Most of our planet’s surface is covered in water, and while this is true, much of it is concentrated in our oceans, or in aquifers below the ground. Water may be abundant, but having it readily available is a task that humans have been struggling with since the dawn of time. Irrigation was a major step forward, but even with all of our modern feats, water is still not readily accessible in many parts of the United States. Of course, drinking water may be available, but what about massive quantities of water in case of a fire?
This is where fire cisterns come into play. Even in crowded cities with numerous fire hydrants and winding pipes, there’s always the chance that something could go wrong, that something could malfunction. This risk is always apparent, and without a backup water source in place, a town, city or even a home could find itself in a truly adverse situation. To properly protect and serve the people of any given area, many fire departments are installing a fire cistern in their area, so that massive quantities of water are readily available in an emergency.
An In-depth Examination of a Fire Cistern
This specific type of cistern acts as a year round water supply for firefighting. They are used in both major cities, and rural areas where central piped water supplies are not present. The National Fire Protection Association, or NFPA, has released specific guidelines for the location and capacity of a fire cistern. These guidelines are based on the size and structure of the area that it is targeted to protect.
There are different types of layouts and methods of using a fire cistern, some require drafting while others utilize a gravity flow or pumped discharge. The Fire Department can help decide which system will work best. These cisterns are also used by firefighters to test the truck mounted water pumps in a process called “Annual Testing”. Here are a few examples of locations that have a fire cistern, and how large they typically are:
- Imperial National Wildlife Refuge (Arizona) – houses an underground fire cistern of 30,000 gallons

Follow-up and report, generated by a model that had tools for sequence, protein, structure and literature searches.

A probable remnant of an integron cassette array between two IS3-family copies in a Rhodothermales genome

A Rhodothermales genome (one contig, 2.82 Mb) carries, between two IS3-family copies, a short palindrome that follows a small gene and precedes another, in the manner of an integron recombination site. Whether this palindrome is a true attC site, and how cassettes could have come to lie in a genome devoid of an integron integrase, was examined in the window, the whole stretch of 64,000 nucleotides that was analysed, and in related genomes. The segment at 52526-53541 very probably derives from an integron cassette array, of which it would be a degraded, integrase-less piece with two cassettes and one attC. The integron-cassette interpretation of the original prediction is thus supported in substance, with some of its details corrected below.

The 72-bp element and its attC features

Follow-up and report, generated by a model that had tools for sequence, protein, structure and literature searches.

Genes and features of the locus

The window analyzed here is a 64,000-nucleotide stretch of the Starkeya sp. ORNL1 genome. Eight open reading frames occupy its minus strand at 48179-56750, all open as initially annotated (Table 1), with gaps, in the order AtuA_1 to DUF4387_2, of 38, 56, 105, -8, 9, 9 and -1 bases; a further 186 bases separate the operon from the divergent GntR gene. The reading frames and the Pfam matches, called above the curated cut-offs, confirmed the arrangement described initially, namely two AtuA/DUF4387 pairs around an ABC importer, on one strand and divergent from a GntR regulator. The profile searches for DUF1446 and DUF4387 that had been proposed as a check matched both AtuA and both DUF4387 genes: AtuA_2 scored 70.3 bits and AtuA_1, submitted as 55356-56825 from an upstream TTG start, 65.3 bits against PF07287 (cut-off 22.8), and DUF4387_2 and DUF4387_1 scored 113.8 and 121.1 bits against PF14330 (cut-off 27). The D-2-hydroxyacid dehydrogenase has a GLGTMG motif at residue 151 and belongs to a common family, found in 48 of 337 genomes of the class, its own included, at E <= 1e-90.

- Baden Fire District #3 (Maryland) – Uses a drafting cistern for the rural Fire Department with a capacity of 30,000 gallons
- Frontenack Engineering (Missouri) – Employs a 60,000 gallon tank for fire protection in rural land developments.
- Fire Station #51 (Ohio) – uses a 4,000 gallon tank for remote fire department water supply
As you can see, these underground tanks range in size, but all of them provide a valuable asset to the fire department, and a peace of mind to the people living in the area. There is also a major benefit to homeowners as well: having one of these installed in your area can also lower your homeowner’s insurance rates because of the increase in safety and preparedness.
Who Is Responsible for Installing Fire Cisterns?
There is plenty that homeowners can do to expedite the process and ultimately lower their insurance premiums. Areas that are landlocked or rural are prime locations for a cistern. A perfect example is a fire cistern that was installed a few years ago on King Street in Connecticut. This cistern was installed after the fire department went out seeking natural water resources in the area.
A local resident offered his property as a site for the fire cistern, and through a number of grants, in addition to the department’s operating budget, a 30,000 gallon tank was installed to provide a reliable source of water in an emergency. If you feel that your area needs a fire cistern installed, contact your local fire department and make your voice heard. There are many avenues which can be pursued to facilitate the installation of one, it only takes some consciously aware homeowners to make it happen.
Ideal Cisterns from FreeWater Systems
The patented OcTank system from FreeWater Systems is the ideal choice for any and all fire cistern needs. This unique design is made from polyethylene modules that are fastened together into a single monolithic tank. These can act as reliable fire cisterns, and are part of many rainwater harvesting systems that can replenish the tank while it’s not in use. With the major benefit of lower insurance premiums, homeowners have nothing to fear from a fire cistern. If anything, they should welcome the idea not only for the benefit, but for the peace of mind.
FreeWater Systems is ready and willing to design a complete cistern system in your local area. Prospective fire department representatives can visit the website for a free, no-obligation quote. If an emergency strikes, the fire department needs a dependable source of water to pull from, and a fire cistern is the perfect solution.